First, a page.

Tea, cake, cake, cake...and more cake. Such are the habits of a very pregnant me, and I was about to have my first 'posh afternoon tea' experience.
Afternoon, or 'high', tea at London's fancy hotels has been a tradition amongst the social elite for hundreds of years. Nothing could be more British, so they are often tourist traps, but Londoners have recently starting succumbing the charms and pleasures of wiling away an afternoon indulging themselves in elegant surroundings, particularly given the current cupcake craze. But, all this comes with a hefty price tag.
Most five-star hotels in London offer afternoon tea menus, and all range from £20-50 per person. We were keen on Claridges, Bea's of Bloomsbury, Sketch, The Orangery, The Dorchester, or The Wolseley (all of which have stellar reputations for their finger food), but alas they were fully booked. The only place we could find an availability at 2-weeks notice was The Langham Hotel. Five minutes from Oxford Circus, at the top end of Regent Street, it is one of the oldest and largest hotels in London. I'd heard very little about it, so arrived with no preconceptions or bias.
The entrance is undoubtedly impressive, in a grand old-fashioned way. The scent of flowers was strong enough to send me giddy. Immediately accessible from the lobby is the elegant Palm Court, but it was the empty Artesian Dining Room we were destined for, as the Palm Court was full. It remained empty for the 4 hours we were there.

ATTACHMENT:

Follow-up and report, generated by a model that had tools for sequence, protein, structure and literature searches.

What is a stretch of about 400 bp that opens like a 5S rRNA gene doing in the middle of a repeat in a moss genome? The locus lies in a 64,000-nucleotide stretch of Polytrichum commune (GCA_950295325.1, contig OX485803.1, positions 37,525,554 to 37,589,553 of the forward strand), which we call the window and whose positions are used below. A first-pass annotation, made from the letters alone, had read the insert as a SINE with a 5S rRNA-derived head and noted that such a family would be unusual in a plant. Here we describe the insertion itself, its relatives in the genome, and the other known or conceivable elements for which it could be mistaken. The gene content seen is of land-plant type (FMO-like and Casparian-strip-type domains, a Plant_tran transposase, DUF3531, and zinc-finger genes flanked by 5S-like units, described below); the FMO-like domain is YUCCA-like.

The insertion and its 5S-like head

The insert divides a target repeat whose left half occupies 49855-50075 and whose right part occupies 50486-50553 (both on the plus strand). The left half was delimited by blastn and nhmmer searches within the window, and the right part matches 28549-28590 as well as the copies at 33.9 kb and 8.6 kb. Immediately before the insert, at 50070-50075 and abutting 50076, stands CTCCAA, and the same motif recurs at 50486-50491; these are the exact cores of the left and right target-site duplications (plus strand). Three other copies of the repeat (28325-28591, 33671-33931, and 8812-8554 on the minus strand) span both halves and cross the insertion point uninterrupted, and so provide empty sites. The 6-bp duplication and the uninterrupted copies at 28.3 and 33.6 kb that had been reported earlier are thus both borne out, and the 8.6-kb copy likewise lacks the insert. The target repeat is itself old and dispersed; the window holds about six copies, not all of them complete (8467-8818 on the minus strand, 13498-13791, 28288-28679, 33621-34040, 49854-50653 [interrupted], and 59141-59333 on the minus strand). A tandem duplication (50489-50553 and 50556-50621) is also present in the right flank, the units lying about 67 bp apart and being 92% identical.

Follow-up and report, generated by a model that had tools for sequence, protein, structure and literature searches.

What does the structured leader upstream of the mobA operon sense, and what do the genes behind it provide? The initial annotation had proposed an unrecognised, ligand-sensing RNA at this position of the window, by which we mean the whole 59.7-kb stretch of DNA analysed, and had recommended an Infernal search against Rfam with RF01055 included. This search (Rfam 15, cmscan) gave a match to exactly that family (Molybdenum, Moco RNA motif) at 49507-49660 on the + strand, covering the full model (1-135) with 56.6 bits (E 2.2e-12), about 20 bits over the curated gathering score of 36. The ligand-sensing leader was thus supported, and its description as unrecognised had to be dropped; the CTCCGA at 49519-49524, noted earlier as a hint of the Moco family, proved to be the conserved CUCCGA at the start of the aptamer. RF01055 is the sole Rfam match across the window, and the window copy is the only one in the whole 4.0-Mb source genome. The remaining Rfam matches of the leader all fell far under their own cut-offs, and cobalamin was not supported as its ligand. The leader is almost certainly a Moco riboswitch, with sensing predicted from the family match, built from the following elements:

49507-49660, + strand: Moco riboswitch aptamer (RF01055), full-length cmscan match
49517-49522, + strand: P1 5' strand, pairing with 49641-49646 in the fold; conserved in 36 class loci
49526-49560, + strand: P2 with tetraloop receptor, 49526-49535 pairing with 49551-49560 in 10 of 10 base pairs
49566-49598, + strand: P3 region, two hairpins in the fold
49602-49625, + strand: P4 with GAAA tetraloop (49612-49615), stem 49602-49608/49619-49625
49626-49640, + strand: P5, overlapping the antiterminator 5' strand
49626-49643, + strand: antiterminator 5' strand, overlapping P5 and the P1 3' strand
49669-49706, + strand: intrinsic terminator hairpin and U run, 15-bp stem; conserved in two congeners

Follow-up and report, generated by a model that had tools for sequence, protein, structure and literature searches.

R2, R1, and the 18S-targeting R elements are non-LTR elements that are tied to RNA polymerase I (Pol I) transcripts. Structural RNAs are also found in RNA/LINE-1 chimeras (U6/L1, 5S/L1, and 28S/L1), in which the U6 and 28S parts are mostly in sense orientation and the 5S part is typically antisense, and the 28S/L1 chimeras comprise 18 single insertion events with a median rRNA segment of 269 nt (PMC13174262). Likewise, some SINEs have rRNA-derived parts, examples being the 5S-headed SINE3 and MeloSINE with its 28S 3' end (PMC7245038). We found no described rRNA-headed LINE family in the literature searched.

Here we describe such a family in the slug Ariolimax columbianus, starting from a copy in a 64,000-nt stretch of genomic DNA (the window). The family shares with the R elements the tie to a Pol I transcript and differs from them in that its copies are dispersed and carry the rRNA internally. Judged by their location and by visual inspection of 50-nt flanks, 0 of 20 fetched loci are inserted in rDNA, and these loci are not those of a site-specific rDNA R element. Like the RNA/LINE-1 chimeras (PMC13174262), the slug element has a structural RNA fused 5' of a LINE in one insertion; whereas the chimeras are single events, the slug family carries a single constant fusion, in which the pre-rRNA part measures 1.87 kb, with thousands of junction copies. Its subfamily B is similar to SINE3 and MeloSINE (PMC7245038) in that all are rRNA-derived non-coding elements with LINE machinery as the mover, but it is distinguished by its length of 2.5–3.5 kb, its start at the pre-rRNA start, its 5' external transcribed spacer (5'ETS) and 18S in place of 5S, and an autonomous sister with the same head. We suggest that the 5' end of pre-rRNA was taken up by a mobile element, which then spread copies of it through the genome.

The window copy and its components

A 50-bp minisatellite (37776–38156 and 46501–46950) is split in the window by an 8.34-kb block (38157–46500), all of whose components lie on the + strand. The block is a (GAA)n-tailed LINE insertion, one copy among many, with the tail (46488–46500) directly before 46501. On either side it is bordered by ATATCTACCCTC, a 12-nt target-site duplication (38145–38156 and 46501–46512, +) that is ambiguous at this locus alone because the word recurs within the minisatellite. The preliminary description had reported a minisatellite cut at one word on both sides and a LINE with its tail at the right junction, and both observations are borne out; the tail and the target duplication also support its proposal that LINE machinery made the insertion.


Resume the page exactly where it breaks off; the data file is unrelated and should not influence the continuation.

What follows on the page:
We chose the 'Wonderland' menu at £35 per person: 5 types of finger sandwich, 5 cakes/pastries, and scones. Unfortunately the restaurant waiter was unfamiliar with the tea menu, so the 'tea sommelier' was non existent, and hence our tea choices were pedestrian: the Langham Blend, and a delicate Chinese tea. I'll keep it brief on the food:
The scones were dense, dry, and dull. Over 4 hours, three of us didn't manage to polish off the basket you see below. And we have impressive appetites. Warming them up before bringing them to the table might have helped, a bit.
The sandwiches were also mediocre. The cucumber sandwich needed more delicate slices of cucumber, and a grind of pepper. The smoked salmon was very 'M&S', and the beef and mustard was tough (no sign of the advertised watercress, which could have livened it up a bit). The only sandwich that worked was egg and cress. Not hard to get right, that one.
The cakes and pastries were also mediocre, particularly the 'Langham Cupcake' (below), which committed the mortal sin of looking impressive and tasting anything but, as cupcakes so often do. The cake was dry, the icing just whipped butter. A let-down and confusion for the senses.
The whole menu lacked finesse, and was instantly forgettable. It was a wonderful afternoon, despite the food, not because of it. Let me know where you've had wonderful afternoon tea, and I'll be there in a shot: I'm not giving up on the concept just yet.